We grow trees from all over the world in our gardens, hundreds of different kinds, and identifying a tree you like but don't know the name of can be challenging. Accurate identification requires looking at the flowers because unrelated trees can have similar leaves but getting to know the typical leaf shapes, textures, shades of green and other characteristics of each group of trees makes identification of individual species much easier.
The most obvious thing about a leaf is its shape, and it's worth learning the botanical terms for different shapes because they help you to notice and remember the various ways leaves can appear. Oval and round are easy, but if the leaf is wider at the top than the bottom, it's obovate. Chordate means heart-shaped ,and palmate means having lobes or leaflets radiating from the bottom, like your palm. Maple leaves are an example of a palmate shape.
A leaf may be lobed, either shallowly or deeply, perhaps palmately lobed. It can also be cut into many leaflets arranged along the midrib of the leaf, or pinnate. These might in turn be lobed or even bi-pinnate, the leaflets themselves divided into leaflets.
Often the edges of the leaves are smooth but they can be wavy or toothed. The teeth may even be cut into teeth themselves. Each of these is a clue to the identity of your tree. Sometimes there are short hairs edging the leaf margin.
The. surface may be waxy or rough, hairy or wavy like seersucker cloth. Notice also the texture of the leaf as a whole -- thin and droopy, thick or papery. The veins of the leaf may be prominent or barely noticeable, and certain trees, such as dogwoods, have the veins arranged in a unique way.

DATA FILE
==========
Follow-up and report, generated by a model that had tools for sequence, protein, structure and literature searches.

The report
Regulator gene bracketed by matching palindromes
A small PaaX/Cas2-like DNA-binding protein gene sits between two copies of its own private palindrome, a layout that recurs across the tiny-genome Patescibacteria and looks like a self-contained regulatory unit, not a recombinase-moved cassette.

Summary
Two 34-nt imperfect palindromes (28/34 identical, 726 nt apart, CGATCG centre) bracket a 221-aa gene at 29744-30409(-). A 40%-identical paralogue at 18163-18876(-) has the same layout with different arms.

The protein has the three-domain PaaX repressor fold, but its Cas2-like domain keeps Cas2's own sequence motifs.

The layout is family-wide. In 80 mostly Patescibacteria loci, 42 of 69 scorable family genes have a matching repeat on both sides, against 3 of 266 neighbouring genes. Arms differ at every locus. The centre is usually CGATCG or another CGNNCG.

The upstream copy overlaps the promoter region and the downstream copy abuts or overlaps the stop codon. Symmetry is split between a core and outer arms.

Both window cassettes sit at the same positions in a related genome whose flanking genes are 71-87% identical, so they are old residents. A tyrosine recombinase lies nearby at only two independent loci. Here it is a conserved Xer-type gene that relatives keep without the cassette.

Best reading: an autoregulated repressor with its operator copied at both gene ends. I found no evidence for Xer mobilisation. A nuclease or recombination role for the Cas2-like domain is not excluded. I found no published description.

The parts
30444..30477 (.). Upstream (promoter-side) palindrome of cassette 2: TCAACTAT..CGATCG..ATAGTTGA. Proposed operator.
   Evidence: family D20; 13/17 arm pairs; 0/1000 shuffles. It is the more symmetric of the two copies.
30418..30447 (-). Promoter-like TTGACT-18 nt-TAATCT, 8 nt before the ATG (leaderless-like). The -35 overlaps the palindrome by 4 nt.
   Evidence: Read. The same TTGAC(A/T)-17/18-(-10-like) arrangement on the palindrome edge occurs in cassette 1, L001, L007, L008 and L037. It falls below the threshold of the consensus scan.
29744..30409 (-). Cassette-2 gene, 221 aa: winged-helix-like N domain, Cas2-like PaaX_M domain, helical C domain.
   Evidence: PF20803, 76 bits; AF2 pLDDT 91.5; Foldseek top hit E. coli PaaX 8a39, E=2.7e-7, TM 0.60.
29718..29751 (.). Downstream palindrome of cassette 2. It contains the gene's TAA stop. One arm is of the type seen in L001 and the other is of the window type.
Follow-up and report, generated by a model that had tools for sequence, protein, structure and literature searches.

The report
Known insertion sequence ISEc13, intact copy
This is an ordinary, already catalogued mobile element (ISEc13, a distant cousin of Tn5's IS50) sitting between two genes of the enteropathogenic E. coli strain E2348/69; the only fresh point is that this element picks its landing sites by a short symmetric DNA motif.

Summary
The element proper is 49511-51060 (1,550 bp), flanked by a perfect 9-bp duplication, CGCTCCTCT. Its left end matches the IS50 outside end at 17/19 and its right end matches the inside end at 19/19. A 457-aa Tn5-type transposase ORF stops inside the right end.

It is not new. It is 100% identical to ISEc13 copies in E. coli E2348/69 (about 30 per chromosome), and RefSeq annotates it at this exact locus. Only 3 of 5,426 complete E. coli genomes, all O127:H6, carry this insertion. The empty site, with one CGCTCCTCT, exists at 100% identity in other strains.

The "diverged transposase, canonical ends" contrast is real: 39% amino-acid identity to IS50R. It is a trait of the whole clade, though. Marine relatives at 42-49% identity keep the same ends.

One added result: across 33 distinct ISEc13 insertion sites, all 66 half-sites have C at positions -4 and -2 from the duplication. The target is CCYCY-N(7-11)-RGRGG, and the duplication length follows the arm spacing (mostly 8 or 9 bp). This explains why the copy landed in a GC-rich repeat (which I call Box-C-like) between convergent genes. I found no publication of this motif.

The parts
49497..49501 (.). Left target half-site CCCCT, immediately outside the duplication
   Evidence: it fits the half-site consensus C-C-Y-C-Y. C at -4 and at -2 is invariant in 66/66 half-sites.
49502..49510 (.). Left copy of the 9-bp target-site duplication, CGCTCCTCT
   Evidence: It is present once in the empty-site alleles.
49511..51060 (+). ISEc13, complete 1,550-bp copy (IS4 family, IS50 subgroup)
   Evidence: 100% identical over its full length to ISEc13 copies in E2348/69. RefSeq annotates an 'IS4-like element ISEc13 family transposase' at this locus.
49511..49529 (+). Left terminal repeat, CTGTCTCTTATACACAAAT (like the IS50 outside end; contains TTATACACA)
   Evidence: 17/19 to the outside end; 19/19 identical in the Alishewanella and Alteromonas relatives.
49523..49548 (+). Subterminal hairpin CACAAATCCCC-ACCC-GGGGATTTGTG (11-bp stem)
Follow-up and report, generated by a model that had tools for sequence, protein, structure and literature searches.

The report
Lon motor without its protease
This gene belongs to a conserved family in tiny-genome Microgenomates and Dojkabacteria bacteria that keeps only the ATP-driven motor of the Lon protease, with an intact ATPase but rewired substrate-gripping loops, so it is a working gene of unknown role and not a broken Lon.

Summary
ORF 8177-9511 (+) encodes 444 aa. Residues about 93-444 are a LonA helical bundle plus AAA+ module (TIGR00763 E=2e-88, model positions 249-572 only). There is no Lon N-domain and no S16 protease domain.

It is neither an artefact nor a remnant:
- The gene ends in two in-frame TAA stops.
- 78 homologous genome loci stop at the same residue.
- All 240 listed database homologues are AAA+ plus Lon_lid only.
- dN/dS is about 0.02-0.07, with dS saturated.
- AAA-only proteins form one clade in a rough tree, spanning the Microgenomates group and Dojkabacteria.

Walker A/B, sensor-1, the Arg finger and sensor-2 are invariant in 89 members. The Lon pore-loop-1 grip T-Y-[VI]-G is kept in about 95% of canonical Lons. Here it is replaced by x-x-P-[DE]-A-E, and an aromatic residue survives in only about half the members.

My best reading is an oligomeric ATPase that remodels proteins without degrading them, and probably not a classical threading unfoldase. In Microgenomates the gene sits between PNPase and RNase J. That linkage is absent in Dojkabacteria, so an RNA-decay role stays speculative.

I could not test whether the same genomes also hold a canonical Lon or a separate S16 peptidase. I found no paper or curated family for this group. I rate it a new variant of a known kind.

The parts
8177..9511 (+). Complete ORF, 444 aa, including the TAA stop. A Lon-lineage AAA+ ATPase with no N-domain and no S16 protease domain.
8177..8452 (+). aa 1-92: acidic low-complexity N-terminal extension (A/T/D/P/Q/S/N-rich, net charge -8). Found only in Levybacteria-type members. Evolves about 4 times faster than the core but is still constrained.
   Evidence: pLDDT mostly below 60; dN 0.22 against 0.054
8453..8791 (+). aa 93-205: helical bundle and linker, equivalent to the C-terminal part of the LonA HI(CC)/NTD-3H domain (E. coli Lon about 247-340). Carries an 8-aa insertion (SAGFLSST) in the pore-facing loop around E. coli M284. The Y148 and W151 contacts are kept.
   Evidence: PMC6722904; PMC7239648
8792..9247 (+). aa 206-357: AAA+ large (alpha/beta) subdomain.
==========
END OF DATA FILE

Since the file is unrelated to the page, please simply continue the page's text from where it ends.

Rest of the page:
Turn the leaf over and look at the underside. Some plants have a soft felt or down beneath. The color may be similar or much lighter. The more you touch and feel tree leaves, the more you'll notice about how they differ.
Trees often have individual shades of green that, once you recognize them, allow you to pick out individual varieties from a distance, even driving down the road. As spring leaves unfold, the color is brighter, and in autumn the greens turn to typical shades of yellow, orange and red. Once you know the name of a tree, stand back and notice how it appears in contrast to nearby specimens. The glossiness of the leaves, the shapes and sizes and the exact shade of green all combine to give each type of tree an individual character that is distinctive.
Each leaf is attached to a shoot or branch, usually with a short stem called a petiole. Notice whether the leaves are arranged opposite each other or alternately along the branch. This is a key point in identification for each genus and, often, for families of plants.